Daphne Congcong Zhang a Bounty Hunter’s license in Washington is relatively easy, and hardly anyone is turned away — even if they have a history of violence.
VIOLENCE BY BOUNTY HUNTERS IS INCREASING
According to Zhang, local bounty hunters have become increasingly violent. For example, in 2016, a bounty hunter shot and killed a fugitive’s mother in Graham, Pierce County, in a botched apprehension attempt. The bail-recovery agent in that case obtained a license despite three previous arrests for domestic violence and harassment.
That same year, three bounty hunters armed with guns and tear gas stormed a motel room in Spokane, sending other guests fleeing and illegally detaining an occupant who was not their target. One of the bounty hunters had been charged with crimes ranging from aggravated battery to resisting arrest, and had a felony conviction for grand theft that was later vacated — all before he was granted his license. He and another bounty hunter pleaded guilty to criminal mischief in the hotel case; the third was acquitted by a jury.
LICENSING REQUIREMENTS TOO LOW?
Washington state law does not prohibit people with criminal histories from becoming bounty hunters. Instead, the Department of Licensing reviews the legal histories of applicants case by case to determine whether they should be disqualified.
Unlike Washington, New York and New Jersey require applicants to have at least three and five years of law-enforcement experience, respectively. New York regulates who can train bounty hunters and approves the curriculum.
New York also considers arrests and a history of criminal charges on top of convictions in approving applications, said Robert McCrie, professor at John Jay College of Criminal Justice. “If someone has a series of arrests that shows propensity for violence, officials at the Division of Licensing Services can reject them.”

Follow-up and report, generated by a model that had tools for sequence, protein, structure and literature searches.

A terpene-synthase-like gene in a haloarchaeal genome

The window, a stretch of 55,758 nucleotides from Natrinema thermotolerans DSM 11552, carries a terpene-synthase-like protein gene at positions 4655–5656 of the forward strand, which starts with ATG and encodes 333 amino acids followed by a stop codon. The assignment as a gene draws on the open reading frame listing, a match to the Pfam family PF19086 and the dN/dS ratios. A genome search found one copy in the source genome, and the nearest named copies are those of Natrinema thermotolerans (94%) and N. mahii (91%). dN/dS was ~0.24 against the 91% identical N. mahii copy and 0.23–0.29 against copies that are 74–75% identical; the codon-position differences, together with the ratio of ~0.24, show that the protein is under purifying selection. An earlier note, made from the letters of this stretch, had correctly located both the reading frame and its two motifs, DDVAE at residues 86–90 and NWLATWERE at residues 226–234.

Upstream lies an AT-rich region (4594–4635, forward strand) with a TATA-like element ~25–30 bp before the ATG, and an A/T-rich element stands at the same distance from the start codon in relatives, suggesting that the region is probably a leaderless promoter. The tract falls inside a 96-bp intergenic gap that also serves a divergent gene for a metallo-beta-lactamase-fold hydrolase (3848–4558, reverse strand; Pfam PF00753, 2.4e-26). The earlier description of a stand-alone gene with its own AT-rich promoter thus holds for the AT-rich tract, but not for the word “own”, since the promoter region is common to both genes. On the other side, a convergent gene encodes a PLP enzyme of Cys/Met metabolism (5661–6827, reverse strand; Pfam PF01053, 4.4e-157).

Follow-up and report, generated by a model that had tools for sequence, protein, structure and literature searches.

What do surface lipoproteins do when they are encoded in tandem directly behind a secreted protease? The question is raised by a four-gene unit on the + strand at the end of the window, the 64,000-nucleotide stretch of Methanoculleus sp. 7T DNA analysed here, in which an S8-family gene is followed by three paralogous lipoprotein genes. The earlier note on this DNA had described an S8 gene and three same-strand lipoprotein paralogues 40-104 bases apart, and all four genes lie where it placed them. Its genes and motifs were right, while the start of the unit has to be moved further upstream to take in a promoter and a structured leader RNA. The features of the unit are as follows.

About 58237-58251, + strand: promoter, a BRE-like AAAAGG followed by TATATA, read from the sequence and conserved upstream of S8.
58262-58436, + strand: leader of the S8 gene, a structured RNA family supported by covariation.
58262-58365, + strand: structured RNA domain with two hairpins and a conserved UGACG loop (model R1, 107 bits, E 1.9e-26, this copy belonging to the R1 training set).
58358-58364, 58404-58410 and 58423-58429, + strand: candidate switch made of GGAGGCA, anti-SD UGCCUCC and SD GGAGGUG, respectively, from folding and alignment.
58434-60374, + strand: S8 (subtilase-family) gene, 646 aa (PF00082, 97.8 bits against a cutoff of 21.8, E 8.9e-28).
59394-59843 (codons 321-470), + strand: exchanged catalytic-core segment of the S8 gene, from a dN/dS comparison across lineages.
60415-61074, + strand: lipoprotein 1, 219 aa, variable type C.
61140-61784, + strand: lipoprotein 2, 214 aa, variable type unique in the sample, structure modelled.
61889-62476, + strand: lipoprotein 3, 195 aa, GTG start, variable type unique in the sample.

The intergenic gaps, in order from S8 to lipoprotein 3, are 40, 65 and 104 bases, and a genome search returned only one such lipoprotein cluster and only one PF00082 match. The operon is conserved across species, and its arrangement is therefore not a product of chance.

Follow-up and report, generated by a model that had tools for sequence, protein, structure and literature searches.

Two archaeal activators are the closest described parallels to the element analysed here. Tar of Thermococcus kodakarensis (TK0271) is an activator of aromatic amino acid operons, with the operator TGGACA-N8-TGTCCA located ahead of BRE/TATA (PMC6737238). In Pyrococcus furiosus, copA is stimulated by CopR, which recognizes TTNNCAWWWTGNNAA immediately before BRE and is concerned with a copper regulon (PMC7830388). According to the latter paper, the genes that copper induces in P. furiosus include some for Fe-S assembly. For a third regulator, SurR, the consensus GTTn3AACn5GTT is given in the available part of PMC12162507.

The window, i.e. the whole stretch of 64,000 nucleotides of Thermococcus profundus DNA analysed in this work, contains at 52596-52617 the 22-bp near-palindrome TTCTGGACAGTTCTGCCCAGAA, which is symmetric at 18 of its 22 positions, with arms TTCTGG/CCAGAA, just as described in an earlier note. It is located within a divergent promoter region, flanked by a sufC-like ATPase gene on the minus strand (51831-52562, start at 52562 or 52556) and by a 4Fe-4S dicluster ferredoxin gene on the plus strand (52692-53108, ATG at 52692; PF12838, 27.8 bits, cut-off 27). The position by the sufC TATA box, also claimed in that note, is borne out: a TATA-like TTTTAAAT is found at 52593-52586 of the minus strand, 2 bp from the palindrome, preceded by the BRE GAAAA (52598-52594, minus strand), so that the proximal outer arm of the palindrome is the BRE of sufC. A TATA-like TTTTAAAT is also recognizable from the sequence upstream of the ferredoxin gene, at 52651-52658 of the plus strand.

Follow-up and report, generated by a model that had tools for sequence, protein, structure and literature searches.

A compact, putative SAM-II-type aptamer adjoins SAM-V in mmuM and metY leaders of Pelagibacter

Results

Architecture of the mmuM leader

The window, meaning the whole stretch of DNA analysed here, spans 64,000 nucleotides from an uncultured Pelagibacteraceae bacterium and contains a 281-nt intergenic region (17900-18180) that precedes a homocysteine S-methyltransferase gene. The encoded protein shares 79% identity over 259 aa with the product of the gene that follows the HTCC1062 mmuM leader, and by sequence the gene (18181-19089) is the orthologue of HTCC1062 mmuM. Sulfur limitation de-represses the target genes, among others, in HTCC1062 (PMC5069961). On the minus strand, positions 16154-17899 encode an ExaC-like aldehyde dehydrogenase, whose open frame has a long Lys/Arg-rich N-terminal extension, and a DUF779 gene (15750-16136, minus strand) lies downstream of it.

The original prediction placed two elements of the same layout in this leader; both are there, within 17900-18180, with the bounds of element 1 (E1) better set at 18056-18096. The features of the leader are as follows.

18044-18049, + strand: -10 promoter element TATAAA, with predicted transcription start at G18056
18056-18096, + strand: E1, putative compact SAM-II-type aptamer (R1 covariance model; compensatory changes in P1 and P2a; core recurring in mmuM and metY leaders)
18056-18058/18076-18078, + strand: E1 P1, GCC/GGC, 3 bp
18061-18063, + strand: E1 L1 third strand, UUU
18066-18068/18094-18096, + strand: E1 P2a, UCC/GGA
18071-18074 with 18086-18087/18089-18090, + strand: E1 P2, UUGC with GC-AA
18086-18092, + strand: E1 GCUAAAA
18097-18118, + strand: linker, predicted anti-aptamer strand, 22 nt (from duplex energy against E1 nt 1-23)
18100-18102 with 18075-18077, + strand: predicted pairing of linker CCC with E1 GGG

HIGHLY UNREGULATED AND VERY UNTRAINED
Zhang reports that bounty hunters have sweeping powers to apprehend fugitives, in contrast to police officers, thanks in part to the 1872 U.S. Supreme Court case Taylor vs. Taintor. They can enter homes without warrants; they can break down doors without knocking or announcing themselves; and they can transport fugitives across state lines without extradition orders.
“The bail-bonds-recovery industry has been highly unregulated and very untrained,” said Brian Johnson, a professor studying the American bail-bonds recovery industry at Grand Valley State University in Michigan. In most states, commercial bail bondsmen and the bounty hunters they hire are an integral part of the justice system.
When suspects are arrested, a judge can release them on their own recognizance or on bail to ensure they show up for court. If the defendants can’t afford bail, they can turn to private bail-bond companies, which will post it for them, typically for a fee of about 10 to 15 percent of the bond. If a defendant doesn’t show up for court, the company is on the hook for the full amount, unless it can apprehend the defendant and return him or her to court.
That’s where bounty hunters come in.
Former state Sen. Adam Kline, who sponsored a bill that passed in 2008 increasing mandatory training hours from four to 32, called the department’s background-check system concerning.
“The DOL needs to be very clear that no felony and violence-related convictions, even if they have been vacated, should be permitted,” he said. Kline said he also considers the current lack of training oversight troubling, and said the Legislature should strengthen regulations.
Please contact my office if you, a friend or family member are charged with a crime, are out on bail and failed to appear for court. Trust me, quashing a warrant is far easier than dealing with bounty hunters.